Tuesday, a liberal nonprofit accused conservative activists of election fraud. Our Oregon filed an official complaint with the Secretary of State.
The complaint alleges that signature collectors used forged voters' signatures on ballot petitions. Ethan Lindsey reports.
Last week, a federal court in Portland heard arguments over a potential ballot measure to make domestic partnerships illegal.
The legal case was less about same sex couples - and more about how to verify the validity of ballot petition signatures.
Margaret Olney is an attorney for the gay rights group, Basic Rights Oregon.
At a loud press conference outside of court, she said there were problems with many of the signatures.
The original version of this story reported that Basic Rights Oregon attorney Margaret Olney believed forgery was rare. That is not correct. Ms. Olney said forgery is a problem and that the system needs more checks and balances to catch those cases. OPB regrets the error.
Margaret Olney: “It's all again about a system that is as self-enforcing as possible, so that we don't have to spend our scarce resources tracking down and prosecuting forgers.”
The judges in the case wondered aloud whether the names on a ballot petition should be contacted, to see if they did indeed sign the petition.
'Our Oregon' is a liberal non-profit funded by the state's two largest public employee unions.
Spokesman Scott Moore says since the Secretary of State's office didn't check the suspicious signatures, his group decided to take matters into its own hands.
Scott Moore: “Once we started going through the petition sheets, we started seeing a lot of patterns that were alarming. The extensive use of carbon paper. There were a number of distinct handwriting styles that would appear en masse. What all these things added up to were some high suspicions of something untoward happening.”
Our Oregon filed an official complaint with the state elections division Tuesday. The complaint alleges that systematic forgery and fraud occurred under the watch of anti-tax activist Bill Sizemore and the signature-collecting company Democracy Direct.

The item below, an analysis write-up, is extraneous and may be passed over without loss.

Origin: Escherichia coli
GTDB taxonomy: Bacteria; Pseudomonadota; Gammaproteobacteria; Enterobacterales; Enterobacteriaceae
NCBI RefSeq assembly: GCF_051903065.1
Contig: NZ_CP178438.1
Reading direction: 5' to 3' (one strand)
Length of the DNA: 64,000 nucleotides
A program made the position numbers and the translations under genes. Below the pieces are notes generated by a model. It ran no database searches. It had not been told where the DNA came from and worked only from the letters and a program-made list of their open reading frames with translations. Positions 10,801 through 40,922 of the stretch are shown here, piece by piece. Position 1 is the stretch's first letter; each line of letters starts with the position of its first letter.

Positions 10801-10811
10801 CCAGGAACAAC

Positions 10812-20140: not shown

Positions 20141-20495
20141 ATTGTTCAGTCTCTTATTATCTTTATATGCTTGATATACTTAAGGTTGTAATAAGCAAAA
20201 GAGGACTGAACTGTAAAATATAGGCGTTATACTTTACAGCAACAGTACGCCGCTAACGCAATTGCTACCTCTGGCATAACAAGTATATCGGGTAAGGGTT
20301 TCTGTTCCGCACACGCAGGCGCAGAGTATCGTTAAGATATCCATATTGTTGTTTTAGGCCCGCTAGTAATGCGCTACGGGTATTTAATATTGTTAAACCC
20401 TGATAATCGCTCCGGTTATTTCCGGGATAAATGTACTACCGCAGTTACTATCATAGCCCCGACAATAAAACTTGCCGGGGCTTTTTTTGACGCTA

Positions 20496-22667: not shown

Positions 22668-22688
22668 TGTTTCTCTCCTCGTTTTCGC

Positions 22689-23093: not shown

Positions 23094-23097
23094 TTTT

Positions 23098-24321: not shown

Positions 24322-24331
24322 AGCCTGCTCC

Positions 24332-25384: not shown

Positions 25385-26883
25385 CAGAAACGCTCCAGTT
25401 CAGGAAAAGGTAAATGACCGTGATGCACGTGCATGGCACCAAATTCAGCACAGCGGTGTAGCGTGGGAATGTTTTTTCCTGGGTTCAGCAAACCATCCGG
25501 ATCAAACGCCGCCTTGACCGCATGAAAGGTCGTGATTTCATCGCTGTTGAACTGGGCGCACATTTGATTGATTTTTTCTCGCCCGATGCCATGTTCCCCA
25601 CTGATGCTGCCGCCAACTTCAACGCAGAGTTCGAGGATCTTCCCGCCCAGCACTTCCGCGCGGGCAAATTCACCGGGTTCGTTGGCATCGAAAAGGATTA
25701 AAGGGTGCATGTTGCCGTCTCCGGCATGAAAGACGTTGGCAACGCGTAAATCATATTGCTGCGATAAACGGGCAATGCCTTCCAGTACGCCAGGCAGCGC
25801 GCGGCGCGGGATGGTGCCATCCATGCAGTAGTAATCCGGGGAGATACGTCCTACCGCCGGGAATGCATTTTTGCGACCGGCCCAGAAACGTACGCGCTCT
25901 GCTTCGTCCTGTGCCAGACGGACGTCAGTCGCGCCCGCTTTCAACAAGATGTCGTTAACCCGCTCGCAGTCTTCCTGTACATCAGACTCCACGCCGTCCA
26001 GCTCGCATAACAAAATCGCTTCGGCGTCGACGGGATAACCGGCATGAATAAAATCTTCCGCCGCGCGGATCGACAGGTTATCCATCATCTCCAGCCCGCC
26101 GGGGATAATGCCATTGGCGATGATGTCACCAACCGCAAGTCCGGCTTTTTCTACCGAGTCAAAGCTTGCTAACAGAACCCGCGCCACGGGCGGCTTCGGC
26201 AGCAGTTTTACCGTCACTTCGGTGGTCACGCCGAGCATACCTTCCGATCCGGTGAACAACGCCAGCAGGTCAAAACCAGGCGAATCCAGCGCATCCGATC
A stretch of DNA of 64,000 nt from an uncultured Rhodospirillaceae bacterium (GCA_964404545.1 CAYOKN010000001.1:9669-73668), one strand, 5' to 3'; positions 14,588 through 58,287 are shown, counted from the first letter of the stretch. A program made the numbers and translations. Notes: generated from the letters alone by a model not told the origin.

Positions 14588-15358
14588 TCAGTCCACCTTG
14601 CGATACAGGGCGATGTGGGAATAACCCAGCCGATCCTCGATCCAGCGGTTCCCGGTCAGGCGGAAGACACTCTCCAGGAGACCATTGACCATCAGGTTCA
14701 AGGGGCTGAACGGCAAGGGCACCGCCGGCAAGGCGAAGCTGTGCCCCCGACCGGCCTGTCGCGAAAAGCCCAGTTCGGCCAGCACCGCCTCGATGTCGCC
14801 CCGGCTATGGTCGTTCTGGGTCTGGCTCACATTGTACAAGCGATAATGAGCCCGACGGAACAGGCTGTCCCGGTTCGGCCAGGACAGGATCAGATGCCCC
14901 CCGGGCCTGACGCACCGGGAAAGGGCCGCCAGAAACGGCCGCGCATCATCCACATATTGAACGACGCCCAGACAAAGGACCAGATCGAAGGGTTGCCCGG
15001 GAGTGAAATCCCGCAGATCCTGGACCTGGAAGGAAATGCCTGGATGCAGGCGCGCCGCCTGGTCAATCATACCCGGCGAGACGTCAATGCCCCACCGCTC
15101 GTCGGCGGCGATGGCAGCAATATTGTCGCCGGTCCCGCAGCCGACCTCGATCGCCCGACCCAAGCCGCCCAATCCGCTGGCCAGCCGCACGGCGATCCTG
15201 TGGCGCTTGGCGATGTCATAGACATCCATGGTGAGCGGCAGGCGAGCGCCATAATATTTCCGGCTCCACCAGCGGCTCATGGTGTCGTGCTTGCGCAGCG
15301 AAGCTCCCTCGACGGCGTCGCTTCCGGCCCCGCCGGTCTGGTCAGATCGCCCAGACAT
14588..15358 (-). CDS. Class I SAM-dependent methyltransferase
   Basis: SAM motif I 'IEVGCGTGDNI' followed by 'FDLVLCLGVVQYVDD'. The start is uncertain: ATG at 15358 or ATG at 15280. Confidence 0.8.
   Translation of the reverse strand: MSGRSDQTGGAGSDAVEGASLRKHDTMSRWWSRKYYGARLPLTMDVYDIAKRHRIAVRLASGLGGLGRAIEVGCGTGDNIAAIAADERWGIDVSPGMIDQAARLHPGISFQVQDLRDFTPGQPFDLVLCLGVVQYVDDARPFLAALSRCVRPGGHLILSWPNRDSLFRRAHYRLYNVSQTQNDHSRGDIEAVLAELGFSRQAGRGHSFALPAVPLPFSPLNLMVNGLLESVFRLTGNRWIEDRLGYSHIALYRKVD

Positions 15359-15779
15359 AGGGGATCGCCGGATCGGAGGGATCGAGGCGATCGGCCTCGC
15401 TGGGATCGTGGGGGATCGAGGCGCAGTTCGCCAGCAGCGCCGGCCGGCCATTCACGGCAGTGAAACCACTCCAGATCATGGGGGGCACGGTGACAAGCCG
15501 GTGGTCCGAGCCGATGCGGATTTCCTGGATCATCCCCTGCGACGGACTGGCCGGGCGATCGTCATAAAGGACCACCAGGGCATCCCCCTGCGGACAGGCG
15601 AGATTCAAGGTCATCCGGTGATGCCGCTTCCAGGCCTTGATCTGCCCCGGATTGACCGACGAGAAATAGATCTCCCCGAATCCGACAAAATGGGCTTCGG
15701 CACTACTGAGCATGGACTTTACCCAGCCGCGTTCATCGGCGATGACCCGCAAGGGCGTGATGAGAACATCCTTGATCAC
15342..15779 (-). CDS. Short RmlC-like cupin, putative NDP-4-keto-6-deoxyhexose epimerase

The complaint lists four individuals who claim their signatures were forged. Marilyn Dale is listed as signing a petition to vote on a teacher merit pay law. Dale recounts what went through her head when she first looked at the signature.
Marilyn Dale: “The first thing that stood out, first of all, was the N, and then the E, and then the K. I started looking back at some of my writing, and it's not my signature.”
Our Oregon says it was able to contact about 70 people with suspicious signatures. Of that number, a handful said their signatures were forged and agreed to be named in the complaint.
Bill Sizemore, the man behind the teacher merit pay initiative, says the complaint is a witchhunt.
He says since the forgeries were discovered by this outside group, and not the state's internal checks, they have no legal weight. Plus, he says the small number of forgeries found proves that there is no pattern.
Bill Sizemore: “If anybody has forged signatures, than that person should be prosecuted and put in jail. Frankly, forgery is a rare thing and Our Oregon is trying to give the initiative process a bad name and smear people. I don't think there is any legal ramifications for us - or that it will affect our measures being on the ballot.”
Sizemore believes the teachers unions want to impugn his reputation - and the reputation of the ballot process, which historically has favored more conservative votes.
If that's the strategy, it may be working.
Marilyn Dale, the woman who believes her signature was forged, is a conservative voter.
Marilyn Dale: “I will not ever sign anything other than my ballot. I will never sign another initiative , ever.”
Our Oregon also accused Bill Sizemore of using illegal methods to obtain real signatures. But the Secretary of State's office already ruled that those signatures stand, since they were collected before a petition crackdown went into effect on January 1.
Our Oregon says that if fraud and forgery is discovered, the Department of Justice should investigate.
The Secretary of State's office says it is reviewing the complaint.